Deborah Brauser

March 19, 2015

SAN DIEGO, CA — Although past studies, including long-term results presented this week from the PARTNER cohort A trial, have shown that transcatheter aortic-valve replacement (TAVR) is an effective alternative to surgical aortic-valve replacement (SAVR) for patients with severe aortic-valve stenosis who are at high risk for surgery, results from the Nordic Aortic Valve Intervention Trial (NOTION) suggest that it may be a viable option for low-risk patients, too[1].

NOTION enrolled almost 300 patients older than 70 years with severe aortic-valve stenosis but deemed low risk for surgery at three European centers. One-year results showed no significant differences in the composite rate of death from any cause, stroke, or MI (the primary outcome) between those undergoing TAVR and those undergoing SAVR.

While the TAVR group had more conduction abnormalities and greater total aortic-valve regurgitation, the SAVR group had more episodes of major bleeding, cardiogenic shock, and new-onset or worsening AF.

These findings were presented at a featured clinical-research session here at the American College of Cardiology (ACC) 2015 Scientific Sessions and simultaneously published in the Journal of the American College of Cardiology.

"The NOTION trial was the first all-comers trials to randomize low-risk patients to TAVR or SAVR," lead author Dr Hans Gustav Hørsted Thyregod (Heart Center, Rigshospitalet, Copenhagen University Hospital, Denmark) told meeting attendees, adding that long-term durability and morbidity data in this patient population are now needed.

Dr David E Kandzari (Piedmont Heart Institute, Atlanta, GA) told heartwire from Medscape afterward that this was a "very provocative study."

"I believe in many ways a 'tie' is a win in this instance. And numerically, at least, all the individual end points of the composite were lower with [TAVR]," said Kandzari, who was not involved with the research.

"This is offset by higher regurgitation and higher-than-previously-reported frequency of pacemaker implantation. But I think there is some further opportunity to study whether that event rate remains as high with newer generations of that specific catheter and in newer generations of different transcatheter technologies," he added.

Similar Outcomes

A total of 280 older patients (mean age 79.1 years) with degenerative aortic-valve stenosis were enrolled between December 2009 and April 2013 at one of two centers in Denmark or at one center in Sweden; 81.8% of the participants scored <4 on the STS predicted risk of mortality.

All patients were randomized to the self-expanding CoreValve (Medtronic)  bioprosthesis (n=145, 53.8% men) or to SAVR (n=135, 52.6% men). The primary outcome was assessed 1 year later, with follow-ups scheduled for up to 5 years.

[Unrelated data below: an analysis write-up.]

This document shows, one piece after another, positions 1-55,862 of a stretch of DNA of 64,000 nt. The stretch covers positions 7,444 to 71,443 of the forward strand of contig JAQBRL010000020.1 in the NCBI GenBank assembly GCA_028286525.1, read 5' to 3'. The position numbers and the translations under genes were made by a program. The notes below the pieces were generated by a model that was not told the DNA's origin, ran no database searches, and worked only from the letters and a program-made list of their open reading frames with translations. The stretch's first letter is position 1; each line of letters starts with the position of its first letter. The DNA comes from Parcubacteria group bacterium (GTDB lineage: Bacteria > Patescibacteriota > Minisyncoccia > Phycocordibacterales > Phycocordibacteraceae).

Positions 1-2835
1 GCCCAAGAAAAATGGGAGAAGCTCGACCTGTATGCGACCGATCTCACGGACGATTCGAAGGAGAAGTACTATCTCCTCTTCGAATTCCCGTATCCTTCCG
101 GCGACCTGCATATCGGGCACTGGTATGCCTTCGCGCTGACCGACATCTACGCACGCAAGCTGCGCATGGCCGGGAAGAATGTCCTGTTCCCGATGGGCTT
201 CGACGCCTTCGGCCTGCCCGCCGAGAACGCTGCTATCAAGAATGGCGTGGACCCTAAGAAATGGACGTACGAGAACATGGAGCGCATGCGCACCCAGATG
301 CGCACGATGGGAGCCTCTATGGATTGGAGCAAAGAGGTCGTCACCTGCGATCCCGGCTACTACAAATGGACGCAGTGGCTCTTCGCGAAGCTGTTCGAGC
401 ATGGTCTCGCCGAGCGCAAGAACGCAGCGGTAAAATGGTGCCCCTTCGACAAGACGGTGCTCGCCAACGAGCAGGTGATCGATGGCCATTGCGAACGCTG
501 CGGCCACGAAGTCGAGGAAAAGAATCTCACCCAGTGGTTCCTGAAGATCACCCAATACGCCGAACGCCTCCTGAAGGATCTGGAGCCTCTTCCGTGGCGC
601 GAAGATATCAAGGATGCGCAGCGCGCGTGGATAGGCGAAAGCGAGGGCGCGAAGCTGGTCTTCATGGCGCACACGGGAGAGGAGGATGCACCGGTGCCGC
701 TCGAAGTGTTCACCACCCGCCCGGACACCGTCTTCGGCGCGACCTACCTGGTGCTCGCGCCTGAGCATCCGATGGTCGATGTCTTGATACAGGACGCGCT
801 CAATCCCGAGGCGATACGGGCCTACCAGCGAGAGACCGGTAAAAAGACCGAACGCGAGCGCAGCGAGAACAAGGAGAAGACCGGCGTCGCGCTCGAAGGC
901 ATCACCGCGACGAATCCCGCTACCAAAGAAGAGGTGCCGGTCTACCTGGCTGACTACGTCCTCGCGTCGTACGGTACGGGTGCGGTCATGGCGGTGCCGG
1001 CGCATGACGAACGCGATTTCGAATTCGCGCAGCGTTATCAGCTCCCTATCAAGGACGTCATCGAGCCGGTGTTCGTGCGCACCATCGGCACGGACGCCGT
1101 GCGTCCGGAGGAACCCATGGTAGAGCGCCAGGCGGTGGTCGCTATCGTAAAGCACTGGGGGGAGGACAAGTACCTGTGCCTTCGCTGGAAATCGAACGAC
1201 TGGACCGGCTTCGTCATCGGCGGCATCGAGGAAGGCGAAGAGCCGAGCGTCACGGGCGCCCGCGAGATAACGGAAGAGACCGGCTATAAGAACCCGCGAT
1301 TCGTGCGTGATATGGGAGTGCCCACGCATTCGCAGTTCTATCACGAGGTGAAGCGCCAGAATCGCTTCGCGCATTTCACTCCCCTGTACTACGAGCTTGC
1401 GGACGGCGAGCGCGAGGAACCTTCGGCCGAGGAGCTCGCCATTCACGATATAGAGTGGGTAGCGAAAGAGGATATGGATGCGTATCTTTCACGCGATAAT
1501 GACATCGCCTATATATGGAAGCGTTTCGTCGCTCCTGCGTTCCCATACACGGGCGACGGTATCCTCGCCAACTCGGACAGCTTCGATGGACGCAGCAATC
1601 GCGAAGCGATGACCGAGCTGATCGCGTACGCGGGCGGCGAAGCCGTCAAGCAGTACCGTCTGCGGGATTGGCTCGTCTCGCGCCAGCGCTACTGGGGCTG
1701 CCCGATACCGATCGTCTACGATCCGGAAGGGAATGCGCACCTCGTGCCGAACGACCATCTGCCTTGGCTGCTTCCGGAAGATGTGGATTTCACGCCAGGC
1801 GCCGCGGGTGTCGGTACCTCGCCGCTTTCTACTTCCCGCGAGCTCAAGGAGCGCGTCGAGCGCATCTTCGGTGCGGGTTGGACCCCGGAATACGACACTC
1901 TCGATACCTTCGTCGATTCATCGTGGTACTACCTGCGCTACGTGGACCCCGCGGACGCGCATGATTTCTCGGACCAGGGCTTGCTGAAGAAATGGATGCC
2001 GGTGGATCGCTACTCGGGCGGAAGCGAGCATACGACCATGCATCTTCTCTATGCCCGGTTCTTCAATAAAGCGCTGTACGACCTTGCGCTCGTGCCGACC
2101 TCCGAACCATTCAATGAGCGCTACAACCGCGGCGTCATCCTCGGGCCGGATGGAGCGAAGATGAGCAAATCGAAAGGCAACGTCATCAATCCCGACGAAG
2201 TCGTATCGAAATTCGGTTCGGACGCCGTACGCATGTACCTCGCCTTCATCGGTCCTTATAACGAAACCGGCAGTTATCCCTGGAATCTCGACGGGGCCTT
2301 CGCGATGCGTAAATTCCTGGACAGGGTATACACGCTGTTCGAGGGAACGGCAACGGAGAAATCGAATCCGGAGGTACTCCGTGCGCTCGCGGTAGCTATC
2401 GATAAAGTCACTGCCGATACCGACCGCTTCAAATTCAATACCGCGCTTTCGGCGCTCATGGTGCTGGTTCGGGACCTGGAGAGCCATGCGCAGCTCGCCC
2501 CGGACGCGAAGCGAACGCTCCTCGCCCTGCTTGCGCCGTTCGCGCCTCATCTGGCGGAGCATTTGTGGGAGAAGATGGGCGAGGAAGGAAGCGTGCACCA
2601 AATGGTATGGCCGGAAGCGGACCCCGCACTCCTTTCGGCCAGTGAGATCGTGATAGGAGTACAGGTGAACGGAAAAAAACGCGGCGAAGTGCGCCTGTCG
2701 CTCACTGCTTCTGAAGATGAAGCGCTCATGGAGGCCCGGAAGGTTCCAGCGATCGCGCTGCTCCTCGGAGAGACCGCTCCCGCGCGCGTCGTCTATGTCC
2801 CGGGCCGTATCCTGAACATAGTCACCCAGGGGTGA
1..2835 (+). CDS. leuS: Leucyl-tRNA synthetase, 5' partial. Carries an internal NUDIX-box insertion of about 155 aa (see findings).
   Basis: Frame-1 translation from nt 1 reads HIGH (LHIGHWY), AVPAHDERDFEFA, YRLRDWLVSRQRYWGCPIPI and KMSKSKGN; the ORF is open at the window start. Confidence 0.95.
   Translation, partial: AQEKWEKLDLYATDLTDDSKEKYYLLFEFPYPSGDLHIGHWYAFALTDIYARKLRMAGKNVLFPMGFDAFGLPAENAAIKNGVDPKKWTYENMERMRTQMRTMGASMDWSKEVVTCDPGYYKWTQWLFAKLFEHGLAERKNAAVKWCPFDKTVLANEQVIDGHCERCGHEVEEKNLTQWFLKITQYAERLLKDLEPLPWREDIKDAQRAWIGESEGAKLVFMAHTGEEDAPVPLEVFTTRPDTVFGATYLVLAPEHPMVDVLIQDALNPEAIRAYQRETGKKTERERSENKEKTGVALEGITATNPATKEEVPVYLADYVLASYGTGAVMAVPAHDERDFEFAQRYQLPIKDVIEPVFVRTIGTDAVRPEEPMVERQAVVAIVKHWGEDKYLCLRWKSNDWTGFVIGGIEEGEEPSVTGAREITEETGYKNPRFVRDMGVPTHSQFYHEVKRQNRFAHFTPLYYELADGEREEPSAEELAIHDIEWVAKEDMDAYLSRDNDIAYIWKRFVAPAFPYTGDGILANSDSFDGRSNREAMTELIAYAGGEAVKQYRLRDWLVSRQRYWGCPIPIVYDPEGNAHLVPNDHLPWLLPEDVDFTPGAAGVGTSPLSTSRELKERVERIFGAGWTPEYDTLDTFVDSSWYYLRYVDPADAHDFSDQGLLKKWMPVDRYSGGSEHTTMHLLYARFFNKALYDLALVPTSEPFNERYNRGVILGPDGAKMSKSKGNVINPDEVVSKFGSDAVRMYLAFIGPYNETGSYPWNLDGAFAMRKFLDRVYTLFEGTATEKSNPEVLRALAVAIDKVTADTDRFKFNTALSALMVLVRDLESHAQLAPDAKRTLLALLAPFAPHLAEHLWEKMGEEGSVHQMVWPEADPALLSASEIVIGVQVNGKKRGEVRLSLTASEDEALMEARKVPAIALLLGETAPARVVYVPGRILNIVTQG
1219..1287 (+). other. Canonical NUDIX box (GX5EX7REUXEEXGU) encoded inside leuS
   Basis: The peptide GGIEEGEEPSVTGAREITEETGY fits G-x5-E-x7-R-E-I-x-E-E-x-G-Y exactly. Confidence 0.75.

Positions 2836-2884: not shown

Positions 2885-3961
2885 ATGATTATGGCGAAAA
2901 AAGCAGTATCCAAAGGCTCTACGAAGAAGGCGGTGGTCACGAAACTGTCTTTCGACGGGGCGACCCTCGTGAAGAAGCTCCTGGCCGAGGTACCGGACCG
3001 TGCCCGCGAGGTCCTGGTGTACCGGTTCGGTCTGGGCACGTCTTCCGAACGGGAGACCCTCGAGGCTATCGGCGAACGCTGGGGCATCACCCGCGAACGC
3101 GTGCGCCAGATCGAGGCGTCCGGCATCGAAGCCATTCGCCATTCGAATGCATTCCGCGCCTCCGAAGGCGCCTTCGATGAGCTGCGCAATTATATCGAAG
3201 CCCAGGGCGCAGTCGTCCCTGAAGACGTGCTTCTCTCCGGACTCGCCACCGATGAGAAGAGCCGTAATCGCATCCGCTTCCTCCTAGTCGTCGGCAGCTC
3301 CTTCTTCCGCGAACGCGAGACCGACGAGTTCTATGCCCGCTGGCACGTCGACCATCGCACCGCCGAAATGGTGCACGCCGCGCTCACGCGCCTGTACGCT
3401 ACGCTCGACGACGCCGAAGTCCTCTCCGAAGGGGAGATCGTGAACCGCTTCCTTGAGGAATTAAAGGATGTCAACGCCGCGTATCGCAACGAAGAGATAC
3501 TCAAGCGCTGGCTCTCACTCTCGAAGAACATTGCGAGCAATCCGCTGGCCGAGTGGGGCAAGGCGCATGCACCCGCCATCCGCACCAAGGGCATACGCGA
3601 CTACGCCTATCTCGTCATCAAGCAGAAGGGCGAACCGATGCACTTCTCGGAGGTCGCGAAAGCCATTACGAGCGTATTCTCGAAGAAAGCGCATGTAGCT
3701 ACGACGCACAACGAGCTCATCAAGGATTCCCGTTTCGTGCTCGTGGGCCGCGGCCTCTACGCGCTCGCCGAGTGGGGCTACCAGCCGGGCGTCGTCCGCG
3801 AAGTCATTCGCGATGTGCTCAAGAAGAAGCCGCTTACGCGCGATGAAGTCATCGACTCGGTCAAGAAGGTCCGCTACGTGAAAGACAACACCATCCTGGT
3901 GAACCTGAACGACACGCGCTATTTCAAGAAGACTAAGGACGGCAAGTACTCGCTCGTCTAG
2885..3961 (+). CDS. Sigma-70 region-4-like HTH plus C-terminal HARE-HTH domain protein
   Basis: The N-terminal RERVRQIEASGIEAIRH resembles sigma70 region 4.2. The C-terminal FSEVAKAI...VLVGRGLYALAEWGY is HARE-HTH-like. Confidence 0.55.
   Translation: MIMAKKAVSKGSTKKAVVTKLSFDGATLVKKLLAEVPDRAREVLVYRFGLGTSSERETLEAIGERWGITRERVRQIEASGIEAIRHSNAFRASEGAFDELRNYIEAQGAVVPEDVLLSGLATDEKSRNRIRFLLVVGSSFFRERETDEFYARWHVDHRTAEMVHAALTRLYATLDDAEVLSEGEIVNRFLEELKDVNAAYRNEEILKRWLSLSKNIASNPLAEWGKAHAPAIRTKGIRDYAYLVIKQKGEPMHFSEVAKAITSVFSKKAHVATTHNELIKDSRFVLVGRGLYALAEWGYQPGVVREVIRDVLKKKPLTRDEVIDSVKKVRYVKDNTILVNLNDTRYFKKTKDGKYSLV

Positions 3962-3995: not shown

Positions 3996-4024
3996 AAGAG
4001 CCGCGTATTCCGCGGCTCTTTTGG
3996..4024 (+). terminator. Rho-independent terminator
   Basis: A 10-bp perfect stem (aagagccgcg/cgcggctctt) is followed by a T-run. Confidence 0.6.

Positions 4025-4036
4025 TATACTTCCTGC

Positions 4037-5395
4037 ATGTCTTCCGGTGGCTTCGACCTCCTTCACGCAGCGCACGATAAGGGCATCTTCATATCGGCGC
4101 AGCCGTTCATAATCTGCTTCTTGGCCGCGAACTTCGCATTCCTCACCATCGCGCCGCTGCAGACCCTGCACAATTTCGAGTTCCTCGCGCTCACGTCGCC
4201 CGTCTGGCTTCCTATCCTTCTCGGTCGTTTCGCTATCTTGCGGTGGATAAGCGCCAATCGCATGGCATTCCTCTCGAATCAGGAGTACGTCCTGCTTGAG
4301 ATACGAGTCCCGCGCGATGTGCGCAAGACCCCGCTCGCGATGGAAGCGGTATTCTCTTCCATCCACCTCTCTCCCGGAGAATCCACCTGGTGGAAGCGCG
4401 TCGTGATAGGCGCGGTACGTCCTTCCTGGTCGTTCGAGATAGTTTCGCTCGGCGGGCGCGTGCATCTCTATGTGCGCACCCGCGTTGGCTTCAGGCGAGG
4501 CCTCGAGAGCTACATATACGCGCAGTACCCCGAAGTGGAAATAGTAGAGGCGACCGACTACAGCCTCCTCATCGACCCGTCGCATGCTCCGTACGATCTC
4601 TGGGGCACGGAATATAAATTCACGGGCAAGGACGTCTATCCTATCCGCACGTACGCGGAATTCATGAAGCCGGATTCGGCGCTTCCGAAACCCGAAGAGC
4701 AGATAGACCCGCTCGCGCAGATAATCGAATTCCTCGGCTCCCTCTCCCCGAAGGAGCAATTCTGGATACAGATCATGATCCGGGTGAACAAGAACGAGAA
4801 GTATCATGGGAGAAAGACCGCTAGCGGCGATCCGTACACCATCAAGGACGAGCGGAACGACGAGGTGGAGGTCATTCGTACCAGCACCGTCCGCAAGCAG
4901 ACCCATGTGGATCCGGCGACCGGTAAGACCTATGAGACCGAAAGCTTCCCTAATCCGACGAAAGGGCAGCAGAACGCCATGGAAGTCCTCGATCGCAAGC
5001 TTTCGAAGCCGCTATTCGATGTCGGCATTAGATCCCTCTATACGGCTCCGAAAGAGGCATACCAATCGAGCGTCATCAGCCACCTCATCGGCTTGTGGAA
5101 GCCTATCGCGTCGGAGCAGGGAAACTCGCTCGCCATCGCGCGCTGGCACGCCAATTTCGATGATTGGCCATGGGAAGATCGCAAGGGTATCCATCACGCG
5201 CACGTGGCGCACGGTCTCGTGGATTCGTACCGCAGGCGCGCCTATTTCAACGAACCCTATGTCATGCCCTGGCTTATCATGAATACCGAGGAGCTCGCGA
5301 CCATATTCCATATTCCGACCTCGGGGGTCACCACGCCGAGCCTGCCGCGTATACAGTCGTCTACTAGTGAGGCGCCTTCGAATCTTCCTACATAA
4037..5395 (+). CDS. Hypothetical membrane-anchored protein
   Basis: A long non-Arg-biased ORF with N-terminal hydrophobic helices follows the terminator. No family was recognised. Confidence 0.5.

Exploratory outcomes included cardiovascular death, cardiogenic shock, prosthesis reintervention, AF, and "conduction abnormalities requiring permanent pacemaker." Renal and bleeding complications were also recorded, as was total aortic-valve regurgitation.

Intention-to-treat results showed that the composite rate of death from any cause, stroke, or MI was 13.1% in the TAVR group vs 16.3% in the SAVR group, which was not statistically different. The difference was still not significant in the as-treated population (11.3% vs 15.7%, respectively).

There were also no between-group differences in cardiovascular death, transient ischemic attack, major vascular complications, or prosthesis reintervention.

When examining safety outcomes, the researchers found that the patients had "different spectra of complications related to the different nature of the treatments."

The TAVR group had significantly lower rates of major or life-threatening bleeding vs the SAVR group (11.3% vs 20.9%, respectively; P=0.03), as well as acute kidney injury (0.7% vs 6.7%; P=0.01), and cardiogenic shock (4.2% vs 10.4%; P=0.05).

They also spent less mean time in the hospital postprocedure (mean days 8.9 vs 12.9; P=0.001) and had lower rates of AF first presenting or worsening at 30 days (16.9% vs 57.8%; P<0.001) and during the first year (21.2% vs 59.4%; P<0.001).

However, patients undergoing TAVR had significantly higher rates of pacemaker implantation vs the SAVR-treated group (38% vs 2.4%, respectively; P<0.001), as well as more mild dyspnea at 1 year (29.5% vs 15%; P=0.01) and higher rates of relevant total aortic-valve regurgitation at 3 months to 1 year (moderate to severe at 1 year, 15.7% vs 0.9%; P<0.001).

"Therefore, at present we are not able to recommend or refute one procedure over the other in lower-risk patients," write the investigators, adding that more research looking into these issues is definitely needed.

A Leap Forward

When asked for comment, Kandzari noted that the study had a "modest" number of participants and was conducted at a modest number of institutions but was ambitious in its objectives.

"It was statistically underpowered for these important end points. Nevertheless, the study really highlighted the potential procedural safety and benefit of [TAVR]—and extended it to a very low-risk population that has not really been formerly studied," especially in comparison with SAVR, said Kandzari.

"The real issue raised by this study is the need for longitudinal follow-up for longevity. It isn't practice changing, but I think this study is more than just a step: it's a real leap. It opens the door for larger trials that truly would extend this potential to this type of low-risk and even intermediate-risk population," he concluded.

Funding was provided by the Danish Heart Foundation. Thyregod reports no relevant financial relationships. Disclosures for the coauthors are listed in the article. Kandzari reports receiving research, grants, and consulting honoraria from Medtronic, "but none from transcatheter-valve therapy."

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